- There is no more famous detective, fiction or real, than Sherlock Holmes, created by Sir Arthur Conan Doyle. “The Adventure of the Speckled Band” contained in The Adventures of Sherlock Holmes is the favorite Holmes story of both the author and readers. Accordingly, many students are assigned literary analyses of this short story, which explores the themes of chaos as well as good versus evil.
- Students of all ages have read Lord of the Flies, the classic novella by William Golding that explores the dangers of groupthink and the conflicts between rationality and irrationality as well as between morality and immorality. How the characters, a group of young boys marooned on an island, struggle to survive is an allegory of modern society.
- William Goldman’s The Princess Bride was such an entertaining story that it was adapted into an even more popular film. The major themes explored in this book include the power of love to conquer all and the arbitrary nature of time and history.
19 D. H. Lawrence is one of the masters of 20th century English literature, and the short story “The Rocking Horse Winner” demonstrates his skill as well as any of his works. In this tale of a struggling family, the themes of money and greed are most fully explored, as a young boy uses clairvoyance gained on a rocking horse to predict race outcomes.
- The American writer John Steinbeck captured the hardships faced by normal people during the Great Depression. His novella Of Mice and Men is a classic tale of struggle. The main recurring theme among the characters is striving after dreams, often futilely, as demonstrated by each of the characters, from George and Lennie to Candy and Curley’s wife.
- Playwright Tennessee Williams’s masterpiece “A Streetcar Named Desire” is perhaps the most famous American dramatic play of all time. In this provocative play, the themes of reality and fantasy in conflict as well as the contemporary dependence of women on men are explored.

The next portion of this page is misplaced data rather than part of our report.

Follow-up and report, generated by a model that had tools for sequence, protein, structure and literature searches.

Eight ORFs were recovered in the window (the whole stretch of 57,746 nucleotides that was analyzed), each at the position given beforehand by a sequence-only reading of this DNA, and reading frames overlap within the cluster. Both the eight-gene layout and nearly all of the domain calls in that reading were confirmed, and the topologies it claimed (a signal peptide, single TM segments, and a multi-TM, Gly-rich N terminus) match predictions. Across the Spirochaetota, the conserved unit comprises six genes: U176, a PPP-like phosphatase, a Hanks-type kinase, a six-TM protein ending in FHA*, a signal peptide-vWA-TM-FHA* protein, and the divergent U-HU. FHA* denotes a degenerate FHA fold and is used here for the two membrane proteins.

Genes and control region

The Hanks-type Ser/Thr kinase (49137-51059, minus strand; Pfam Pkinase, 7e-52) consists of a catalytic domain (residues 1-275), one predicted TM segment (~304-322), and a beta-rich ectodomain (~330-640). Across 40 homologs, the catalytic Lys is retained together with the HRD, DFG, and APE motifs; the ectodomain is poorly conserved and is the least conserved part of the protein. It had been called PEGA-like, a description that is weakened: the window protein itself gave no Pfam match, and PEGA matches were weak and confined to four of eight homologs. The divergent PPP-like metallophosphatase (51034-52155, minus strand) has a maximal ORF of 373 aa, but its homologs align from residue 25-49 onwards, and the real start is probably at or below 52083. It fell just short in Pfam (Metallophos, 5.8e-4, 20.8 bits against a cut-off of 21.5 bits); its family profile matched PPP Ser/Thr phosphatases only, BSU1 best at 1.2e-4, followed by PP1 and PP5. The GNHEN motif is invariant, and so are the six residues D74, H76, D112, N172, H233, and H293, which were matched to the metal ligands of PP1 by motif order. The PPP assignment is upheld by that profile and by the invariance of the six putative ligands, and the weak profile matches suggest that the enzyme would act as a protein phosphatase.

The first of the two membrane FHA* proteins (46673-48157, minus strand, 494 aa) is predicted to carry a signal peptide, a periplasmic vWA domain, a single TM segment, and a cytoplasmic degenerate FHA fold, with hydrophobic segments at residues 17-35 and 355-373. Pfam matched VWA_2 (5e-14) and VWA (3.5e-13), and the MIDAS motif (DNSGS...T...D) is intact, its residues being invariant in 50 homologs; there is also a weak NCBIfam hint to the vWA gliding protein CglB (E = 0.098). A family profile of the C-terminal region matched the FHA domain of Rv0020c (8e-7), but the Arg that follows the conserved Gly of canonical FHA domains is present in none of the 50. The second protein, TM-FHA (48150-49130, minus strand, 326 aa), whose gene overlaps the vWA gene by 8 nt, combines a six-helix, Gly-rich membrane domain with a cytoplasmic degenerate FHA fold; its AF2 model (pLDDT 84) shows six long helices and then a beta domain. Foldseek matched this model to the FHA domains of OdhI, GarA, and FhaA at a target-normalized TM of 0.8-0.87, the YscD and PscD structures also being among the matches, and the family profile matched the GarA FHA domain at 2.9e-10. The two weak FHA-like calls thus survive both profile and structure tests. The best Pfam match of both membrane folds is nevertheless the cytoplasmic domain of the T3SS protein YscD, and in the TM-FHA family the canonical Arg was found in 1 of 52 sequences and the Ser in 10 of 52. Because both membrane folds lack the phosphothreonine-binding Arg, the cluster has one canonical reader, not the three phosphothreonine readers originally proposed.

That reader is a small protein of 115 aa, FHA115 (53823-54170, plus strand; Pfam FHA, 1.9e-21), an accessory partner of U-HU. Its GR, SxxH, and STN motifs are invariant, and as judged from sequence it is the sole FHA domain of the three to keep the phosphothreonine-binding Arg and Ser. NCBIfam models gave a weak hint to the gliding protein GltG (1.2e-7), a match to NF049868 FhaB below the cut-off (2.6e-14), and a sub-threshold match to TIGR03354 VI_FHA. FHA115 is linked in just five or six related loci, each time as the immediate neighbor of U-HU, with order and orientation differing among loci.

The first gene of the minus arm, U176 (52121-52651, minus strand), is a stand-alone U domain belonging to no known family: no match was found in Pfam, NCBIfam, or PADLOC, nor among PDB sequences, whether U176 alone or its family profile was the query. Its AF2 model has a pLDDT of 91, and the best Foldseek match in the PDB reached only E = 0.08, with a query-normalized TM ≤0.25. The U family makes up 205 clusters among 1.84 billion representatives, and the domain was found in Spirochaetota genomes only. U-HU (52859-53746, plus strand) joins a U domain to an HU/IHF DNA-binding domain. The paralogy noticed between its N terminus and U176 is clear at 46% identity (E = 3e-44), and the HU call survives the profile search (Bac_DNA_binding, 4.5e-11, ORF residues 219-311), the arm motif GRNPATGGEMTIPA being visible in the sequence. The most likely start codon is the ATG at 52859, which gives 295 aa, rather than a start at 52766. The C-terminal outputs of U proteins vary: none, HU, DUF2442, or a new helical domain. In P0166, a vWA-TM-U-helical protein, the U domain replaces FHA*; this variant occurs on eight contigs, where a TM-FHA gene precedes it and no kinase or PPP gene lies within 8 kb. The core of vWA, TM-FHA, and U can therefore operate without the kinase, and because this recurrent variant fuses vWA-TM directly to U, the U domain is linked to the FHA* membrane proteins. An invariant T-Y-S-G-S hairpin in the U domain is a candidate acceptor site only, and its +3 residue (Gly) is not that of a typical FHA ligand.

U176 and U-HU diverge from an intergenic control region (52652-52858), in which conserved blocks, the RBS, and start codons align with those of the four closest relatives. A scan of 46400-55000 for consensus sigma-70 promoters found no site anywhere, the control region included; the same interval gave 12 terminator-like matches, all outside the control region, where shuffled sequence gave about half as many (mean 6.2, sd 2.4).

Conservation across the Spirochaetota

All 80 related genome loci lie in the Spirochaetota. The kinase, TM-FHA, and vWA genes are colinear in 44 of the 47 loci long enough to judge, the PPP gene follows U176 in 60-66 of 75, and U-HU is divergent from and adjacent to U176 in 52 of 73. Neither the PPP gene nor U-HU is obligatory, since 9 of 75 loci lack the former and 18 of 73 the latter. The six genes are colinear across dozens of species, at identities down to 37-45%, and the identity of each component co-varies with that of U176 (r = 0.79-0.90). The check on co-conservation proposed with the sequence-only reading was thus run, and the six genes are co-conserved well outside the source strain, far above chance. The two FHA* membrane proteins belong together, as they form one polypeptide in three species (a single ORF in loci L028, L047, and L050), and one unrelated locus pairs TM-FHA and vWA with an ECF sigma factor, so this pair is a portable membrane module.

Many of the great works of literature are actually poems. Writing about poems requires a special approach.
Keep in mind:
Most essays on poetry actually exceed the length of the poems themselves. Accordingly, don’t be afraid to quote the poem heavily and give several alternative interpretations.
- The short-lived American poet and writer Stephen Crane wrote the acclaimed American Civil War novel The Red Badge of Courage. But he also wrote a collection of poems entitled War is Kind. Through these poems, he delved deep into the themes of war and violence based on his experience in the Spanish–American and Greco–Turkish Wars.
- At the opposite end of the poetry spectrum you can find the Elizabethan-era Englishman John Donne. His works were largely written in the form of sonnets focused on the themes of love, social criticism, death, and religion.
Excellent books are still being written! Once in a while, your instructor may ask you to analyze a more recent work. Here are a few great books to consider for your next essay.
- Sherman Alexie’s novel Reservation Blues tells the story of a group of young men on a Spokane Indian reservation who obtain the enchanted guitar of a legendary bluesman. This book explores many themes of Native American life as well as overcoming obstacles and poverty.
- Montana 1948 by Larry Watson is a novella set in the Western American state of Montana, where a young man’s family struggles to survive. The book explores the themes of loyalty, justice, and family obligations.
- In Alice Sebold’s The Lovely Bones, the protagonist Susie dies a violent death. And then her spirit proceeds to watch over the investigation of her disappearance and her family members’ lives. The key themes of this book are mortality, justice, and grief.
- Last but not least, you may want to write about one of the volumes of the Harry Potter series by J. K. Rowling. Just remember, when you write about a book that also became a movie, actually read the book! (And most importantly, don’t confuse the two. It’s an easy way to convince your teacher that you didn’t read the book, even when you did.